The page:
Oestrus Detection in Dairy Cows Using Likelihood Ratio Tests

Ragnar Ingi Jónsson, Trausti Björgvinssin, Mogens Blanke, Niels Kjølstad Poulsen, Søren Højsgaard, Lene Munksgaard

Research output: Chapter in Book/Report/Conference proceedingArticle in proceedingsResearchpeer-review

Abstract

This paper addresses detection of oestrus in dairy cows using methods from statistical change detection. The activity of the cows was measured by a necklace attached sensor. Statistical properties of the activity measure were investigated. Using data sets from 17 cows, diurnal activity variations were identified for the ensemble and for the individual cows. A diurnal filter was adapted to remove the daily variation of the individual. Change detection algorithms were designed for the actual probability densities, which were Rayleigh distributed with individual parameters for each cow. A generalized likelihood ratio algorithm was derived for the compensated activity signal and detection algorithm was tested on 2323 days of activity, which contained 42 oestruses on 12 cows in total. The application of statistical change detection methods is a new approach for detecting oestrus in dairy cows and the results are shown to outperform earlier approaches in respect to combined statistics of false alarms and missed detections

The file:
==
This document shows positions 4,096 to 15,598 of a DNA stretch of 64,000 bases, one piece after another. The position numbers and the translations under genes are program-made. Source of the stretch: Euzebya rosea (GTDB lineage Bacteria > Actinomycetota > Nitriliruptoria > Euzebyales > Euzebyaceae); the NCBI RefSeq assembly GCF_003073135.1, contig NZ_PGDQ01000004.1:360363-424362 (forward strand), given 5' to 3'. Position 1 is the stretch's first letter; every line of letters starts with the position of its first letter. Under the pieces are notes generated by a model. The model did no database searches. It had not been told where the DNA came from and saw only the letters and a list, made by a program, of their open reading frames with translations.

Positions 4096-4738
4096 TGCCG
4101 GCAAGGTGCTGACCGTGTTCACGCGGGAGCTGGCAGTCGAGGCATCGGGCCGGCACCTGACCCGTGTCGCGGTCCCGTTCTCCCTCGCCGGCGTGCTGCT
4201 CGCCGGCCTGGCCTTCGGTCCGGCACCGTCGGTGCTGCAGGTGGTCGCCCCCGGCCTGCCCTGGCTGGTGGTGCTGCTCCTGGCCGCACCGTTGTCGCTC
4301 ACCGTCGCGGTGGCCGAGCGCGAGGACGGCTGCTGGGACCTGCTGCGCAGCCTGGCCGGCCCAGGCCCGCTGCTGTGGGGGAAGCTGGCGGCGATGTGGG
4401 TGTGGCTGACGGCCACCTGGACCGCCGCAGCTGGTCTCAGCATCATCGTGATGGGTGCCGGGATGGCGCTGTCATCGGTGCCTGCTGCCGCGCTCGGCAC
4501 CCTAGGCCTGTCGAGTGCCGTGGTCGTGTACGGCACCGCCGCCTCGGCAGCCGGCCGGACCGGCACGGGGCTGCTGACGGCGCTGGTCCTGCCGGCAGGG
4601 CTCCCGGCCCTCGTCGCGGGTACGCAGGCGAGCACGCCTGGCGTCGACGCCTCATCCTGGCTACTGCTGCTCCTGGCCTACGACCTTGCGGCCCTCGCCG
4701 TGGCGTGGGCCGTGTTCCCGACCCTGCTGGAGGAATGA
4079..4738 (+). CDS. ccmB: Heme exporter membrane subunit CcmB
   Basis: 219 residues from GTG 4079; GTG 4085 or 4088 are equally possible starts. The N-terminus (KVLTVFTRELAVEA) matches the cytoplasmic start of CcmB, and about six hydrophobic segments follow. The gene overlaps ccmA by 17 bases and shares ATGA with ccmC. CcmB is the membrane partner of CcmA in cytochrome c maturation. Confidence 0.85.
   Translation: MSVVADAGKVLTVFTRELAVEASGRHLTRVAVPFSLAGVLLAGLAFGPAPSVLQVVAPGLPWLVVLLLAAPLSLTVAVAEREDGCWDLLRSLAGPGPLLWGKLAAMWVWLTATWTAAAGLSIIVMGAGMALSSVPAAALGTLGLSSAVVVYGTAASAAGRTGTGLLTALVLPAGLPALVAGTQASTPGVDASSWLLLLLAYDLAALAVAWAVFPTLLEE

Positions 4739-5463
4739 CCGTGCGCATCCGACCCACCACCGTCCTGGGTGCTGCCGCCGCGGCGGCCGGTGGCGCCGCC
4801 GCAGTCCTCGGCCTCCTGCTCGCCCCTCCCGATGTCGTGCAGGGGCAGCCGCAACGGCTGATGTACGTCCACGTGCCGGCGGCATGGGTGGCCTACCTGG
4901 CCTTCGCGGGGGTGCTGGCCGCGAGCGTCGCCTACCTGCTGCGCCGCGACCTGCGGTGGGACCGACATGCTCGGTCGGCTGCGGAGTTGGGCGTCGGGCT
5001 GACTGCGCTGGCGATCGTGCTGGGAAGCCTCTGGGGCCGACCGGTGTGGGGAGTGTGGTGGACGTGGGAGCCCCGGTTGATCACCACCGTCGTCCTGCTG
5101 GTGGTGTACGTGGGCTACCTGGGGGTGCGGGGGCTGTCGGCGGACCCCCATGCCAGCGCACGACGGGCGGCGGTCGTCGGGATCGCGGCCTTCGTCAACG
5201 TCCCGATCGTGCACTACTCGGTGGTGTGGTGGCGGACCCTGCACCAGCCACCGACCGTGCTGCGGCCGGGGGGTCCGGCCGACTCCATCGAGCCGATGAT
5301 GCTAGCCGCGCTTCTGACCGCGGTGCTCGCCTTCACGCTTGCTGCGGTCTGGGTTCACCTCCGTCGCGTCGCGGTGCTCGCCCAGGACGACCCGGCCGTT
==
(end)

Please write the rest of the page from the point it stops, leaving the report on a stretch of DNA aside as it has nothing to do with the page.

Original languageEnglish
Title of host publicationProceedings of the 17t. World Congress : The International Federation of Automatic Control
Publication date2008
Pages658-663
DOIs
Publication statusPublished - 2008
EventThe International Federation of Automatic Control Congress - Seoul, Korea, Democratic People's Republic of
Duration: 6 Jul 200811 Jul 2008

Conference

ConferenceThe International Federation of Automatic Control Congress
CountryKorea, Democratic People's Republic of
CitySeoul
Period06/07/200811/07/2008

Keywords

  • Signal processing
  • Developments in measurement
  • Fault diagnosis and monitoring.
  • Animal husbandry

Fingerprint Dive into the research topics of 'Oestrus Detection in Dairy Cows Using Likelihood Ratio Tests'. Together they form a unique fingerprint.

Cite this